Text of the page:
An Experiment in Chanting

Every morning, Miranda Kerr chants this nifty little line:

I am a healthy, vibrant being of love and light.

Well, if it’s good enough for Miranda, it’s good enough for me.

So this morning I lept out of bed, looked in the mirror, and trying not to laugh I said:

I am a healthy, vibrant being of love and light.

Just saying it made me feel like a dickhead. Not one to dwell on such things, I looked some more into the mirror. Surprisingly, I had not turned into a Miranda Kerr lookalike. Stupid bloody chant didn’t work. So I tried again.

I am a healthy, vibrant being of love and light.

This time I accepted it wasn’t going to turn me into a supermodel. But I figured that surely starting the day by chanting will turn the usual rush hour into a calming, neo-Buddhist, Earth Mother experience. A morning where children gratefully accept their breakfast with a “Cheerios! My favourite! Have I told you today how much I love you, Mummy?” They will then skip from the table to happily get dressed without being asked, followed by a bout of calming yet cavity-busting toothbrushing. Hair will be brushed without complaint, faces washed on their own accord and sunscreen applied without fights over who goes first.

Starting the day with Miranda’s chant will surely mean we will be on time for school. We will walk to school all holding hands, singing “She’ll Be Coming Round the Mountain” between giggles. When we’ve finished singing, I’ll explain to eager little ears the botanic names of all the plants we walk past.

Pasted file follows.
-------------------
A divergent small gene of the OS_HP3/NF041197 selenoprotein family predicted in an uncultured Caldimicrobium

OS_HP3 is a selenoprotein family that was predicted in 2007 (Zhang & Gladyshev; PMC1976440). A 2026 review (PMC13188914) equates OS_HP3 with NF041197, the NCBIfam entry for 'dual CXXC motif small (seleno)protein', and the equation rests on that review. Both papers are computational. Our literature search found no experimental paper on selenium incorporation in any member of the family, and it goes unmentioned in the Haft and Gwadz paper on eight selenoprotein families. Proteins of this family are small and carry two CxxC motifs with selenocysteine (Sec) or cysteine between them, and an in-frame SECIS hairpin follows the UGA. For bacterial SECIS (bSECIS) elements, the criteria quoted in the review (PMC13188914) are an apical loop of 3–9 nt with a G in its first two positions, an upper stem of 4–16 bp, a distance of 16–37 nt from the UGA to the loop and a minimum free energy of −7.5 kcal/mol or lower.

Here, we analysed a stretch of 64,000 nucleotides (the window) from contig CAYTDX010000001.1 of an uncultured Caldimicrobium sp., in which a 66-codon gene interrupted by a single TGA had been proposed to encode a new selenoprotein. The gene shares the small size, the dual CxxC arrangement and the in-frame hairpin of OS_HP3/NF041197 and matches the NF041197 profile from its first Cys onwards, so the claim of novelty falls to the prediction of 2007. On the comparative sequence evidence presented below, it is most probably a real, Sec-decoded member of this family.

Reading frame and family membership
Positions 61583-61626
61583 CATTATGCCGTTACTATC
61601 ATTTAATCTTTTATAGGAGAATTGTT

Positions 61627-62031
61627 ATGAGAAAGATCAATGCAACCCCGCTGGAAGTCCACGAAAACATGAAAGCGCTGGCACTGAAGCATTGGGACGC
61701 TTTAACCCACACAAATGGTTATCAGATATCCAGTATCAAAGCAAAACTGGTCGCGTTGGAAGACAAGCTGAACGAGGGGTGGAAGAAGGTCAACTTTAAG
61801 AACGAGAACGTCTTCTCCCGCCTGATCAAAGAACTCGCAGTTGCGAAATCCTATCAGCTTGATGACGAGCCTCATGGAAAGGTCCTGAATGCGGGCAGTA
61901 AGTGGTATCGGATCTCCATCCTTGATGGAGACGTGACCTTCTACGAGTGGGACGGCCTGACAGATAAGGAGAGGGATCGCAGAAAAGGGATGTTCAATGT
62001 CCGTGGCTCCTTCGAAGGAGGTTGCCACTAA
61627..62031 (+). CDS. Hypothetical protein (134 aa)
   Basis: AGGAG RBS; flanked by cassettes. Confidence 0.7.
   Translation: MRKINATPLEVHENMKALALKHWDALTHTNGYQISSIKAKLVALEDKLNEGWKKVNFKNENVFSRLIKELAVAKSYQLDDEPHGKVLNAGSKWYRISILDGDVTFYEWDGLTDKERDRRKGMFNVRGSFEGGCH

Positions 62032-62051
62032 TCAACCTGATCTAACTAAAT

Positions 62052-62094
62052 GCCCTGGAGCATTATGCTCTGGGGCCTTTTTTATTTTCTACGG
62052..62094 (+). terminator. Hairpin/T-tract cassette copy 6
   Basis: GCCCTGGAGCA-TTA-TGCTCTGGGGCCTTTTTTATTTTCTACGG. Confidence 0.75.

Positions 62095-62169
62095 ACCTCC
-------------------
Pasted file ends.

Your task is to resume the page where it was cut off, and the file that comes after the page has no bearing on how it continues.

Surely that’s what happens when you start the day by chanting:

I am a healthy, vibrant being of love and light?

Alas, no. I am here to tell you that if you start your day with positive affirmations in the mirror, there will be bugger all difference to your day. Except that you started it by looking in the mirror which, unless you are Miranda Kerr, is never good. I found lines on my face I didn’t know were there. Oh joy.

Breakfast was a scream-fest, even more than usual. “That’s MY spoon! I want more! Give me milk! This honey is not extra sticky!”

Darling Girl refused to get dressed, resulting in me pinning her down, removing her pyjamas and getting her dressed with one hand in ten seconds. Her teeth were never brushed. She screamed when I washed her face. I had to chase her around the house with the sunscreen, before using my knees as a vice to keep her still. That didn’t work, it went in her eyes and I’m sure the neighbours are all talking about the screaming they heard this morning. Don’t they know

I’m a healthy, vibrant being of love and light?

Darling Boy was easier, it has to be said. Although he certainly does pick his moment to haul his gigantic dinosaur track out of his cupboard to be assembled: right as it was time to leave. Excellent.

We finally made it out the door, late of course, with Darling Girl sulking and refusing to walk. To get my little man to school I had to promise I’d assemble his dinosaur track and spend the morning guarding it from others.

“I’m over this crap just to leave the house” is a more apt start to the day for me. How about you?

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